Further, this approach is likely more expensive. Asking highly-paid professionals to write diverts their time and focus away from meeting client needs or rainmaking. Unfortunately, the C-Suite often does not take all these factors into consideration.

Lacking Insurance Expertise

The other option is to hire public relations, marketing and other communications firms. Usually, these well-intentioned companies lack deep and thorough insurance expertise.

The reality is that it takes years to understand the nuances of insurance. The industry not only has several disciplines, but several functions and a multitude of insurance lines.

Workers’ compensation, for example, involves understanding different subjects including health care, the claims process, return-to-work and disability coverage. Additionally, each state has its own regulations and expectations. Personal auto, the largest property/casualty insurance line, focuses on consumers so the approach is different compared to commercial lines such as general liability or business interruption coverage.

Further, the traditional insurance paradigm is evolving to a data and analytics model. Insurance executives, who tend to be conservative in nature, are still learning to maximize predictive modeling so it extends beyond underwriting and pricing to addresses claims management practices and marketing techniques. Forward-moving insurers are focusing on obtaining business intelligence through predictive modeling, which is quite difficult to understand without insurance expertise.

Other disruptors, including artificial intelligence, changing regulations and policy sales via Internet are also having a great impact on insurance companies and the vendors that serve them. Vendors that want to expand into the insurance industry also struggle with understanding what insurers really need, industry nomenclature or the right point person to contact.

Meanwhile, each insurance line faces its own struggles. Auto insurers are excited about telematics when a great deal of consumers want to maintain privacy. Then there are “preoccupiers” such as Uber and Lyft and driverless cars.

…the C-Suite commonly does not want to accept
that publishing is expensive.

Then there is the problem of truly understanding the needs of each customer type. Insurers are vying for a greater piece of the growing demand for cyber coverage, for example, when policies are inconsistent and buyers – and even their agents – are struggling to know what should be included in their coverage. The market potential for cyber insurance is enormous, but developing the right policy per each specific customer profile remains a challenge.

For business insurance, a smaller company that lacks a risk manager or a really awesome agent or broker will purchase based on price. Larger companies see the value of services and are sophisticated enough to know that price is just one part of the equation. They want to know how an insurer’s services will support risk management, claims processing and other areas. They also need to be sold on the technology designed to better serve them.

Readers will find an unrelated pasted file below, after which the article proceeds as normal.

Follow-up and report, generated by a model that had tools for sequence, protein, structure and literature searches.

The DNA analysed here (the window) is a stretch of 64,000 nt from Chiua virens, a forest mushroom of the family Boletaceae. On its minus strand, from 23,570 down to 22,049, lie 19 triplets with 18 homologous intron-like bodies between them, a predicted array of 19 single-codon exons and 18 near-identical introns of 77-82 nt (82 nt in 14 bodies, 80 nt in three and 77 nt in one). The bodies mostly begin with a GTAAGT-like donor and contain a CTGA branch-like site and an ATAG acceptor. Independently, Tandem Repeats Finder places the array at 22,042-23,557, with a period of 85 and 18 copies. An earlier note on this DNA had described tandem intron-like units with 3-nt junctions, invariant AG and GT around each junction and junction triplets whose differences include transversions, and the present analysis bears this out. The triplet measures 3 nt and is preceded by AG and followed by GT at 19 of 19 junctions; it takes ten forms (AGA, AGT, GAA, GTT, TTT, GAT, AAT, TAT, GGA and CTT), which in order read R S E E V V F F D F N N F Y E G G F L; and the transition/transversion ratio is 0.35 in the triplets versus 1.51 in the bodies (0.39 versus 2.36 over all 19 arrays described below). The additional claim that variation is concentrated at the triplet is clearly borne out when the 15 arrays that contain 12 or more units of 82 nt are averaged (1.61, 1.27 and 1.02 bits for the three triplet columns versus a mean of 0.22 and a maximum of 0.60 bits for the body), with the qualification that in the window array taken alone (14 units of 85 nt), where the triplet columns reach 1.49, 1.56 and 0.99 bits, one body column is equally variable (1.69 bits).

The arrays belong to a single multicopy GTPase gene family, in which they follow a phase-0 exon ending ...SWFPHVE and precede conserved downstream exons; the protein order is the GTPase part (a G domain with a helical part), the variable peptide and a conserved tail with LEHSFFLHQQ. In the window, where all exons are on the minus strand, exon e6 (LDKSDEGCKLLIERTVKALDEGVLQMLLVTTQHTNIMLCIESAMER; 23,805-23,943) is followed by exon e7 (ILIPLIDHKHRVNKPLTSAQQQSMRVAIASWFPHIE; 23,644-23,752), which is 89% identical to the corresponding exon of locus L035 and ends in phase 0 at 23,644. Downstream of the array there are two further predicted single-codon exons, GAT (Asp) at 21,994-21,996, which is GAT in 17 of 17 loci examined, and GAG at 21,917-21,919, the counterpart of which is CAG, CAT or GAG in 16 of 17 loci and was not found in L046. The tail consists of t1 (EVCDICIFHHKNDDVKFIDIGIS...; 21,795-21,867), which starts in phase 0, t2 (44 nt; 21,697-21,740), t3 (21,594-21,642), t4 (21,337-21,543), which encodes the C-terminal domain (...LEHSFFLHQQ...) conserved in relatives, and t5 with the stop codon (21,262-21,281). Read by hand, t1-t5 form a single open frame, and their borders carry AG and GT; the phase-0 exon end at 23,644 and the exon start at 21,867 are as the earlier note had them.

Another limitation is that marketing companies often approach digital marketing from a business school rather than a journalism school approach. They lack professionals who understand how to effectively produce materials because they are not trained in first rule of journalism, which is to understand the audience. I often encounter companies that do not want to invest in determining customer needs and pain points. Without understanding the audience, inbound marketing will fail.

So what is the solution? I’ll address this in my next blog. You can follow it by pressing the follow button on the left hand side.

In the meantime, please offer your comments below.



Copyright Annmarie Geddes Baribeau

Marketing Is Like Making Chocolate Chip Cookies

Copyright Annmarie Geddes Baribeau

Copyright Annmarie Geddes Baribeau

I make the best chocolate chip cookies in the world, bar none! Doing so is a lot like marketing and communicating in the insurance industry.

Here’s why:

1) Products and services, like chocolate chip cookies, can seem the same.

Chocolate chip cookies can seem the same before you taste them. Mine have a unique “yum” factor.

In business, the “yum” factor – known as the value proposition — describes what makes your company unique and entices customers to come back for more. That “yum” factor is the basis for messaging.

Think about your company’s products and services and how they look compared to your competitors. Can you identify your company’s “yum” factor that truly stands out from the competition?


Can you identify your company’s “yum” factor?

Insurance companies, along with firms that serve the industry, often struggle with this. From actuaries to brokers to third party administrators, the challenge is the same. All of them insist they are trustworthy, cost efficient and customer-focused service-oriented problem solving experts.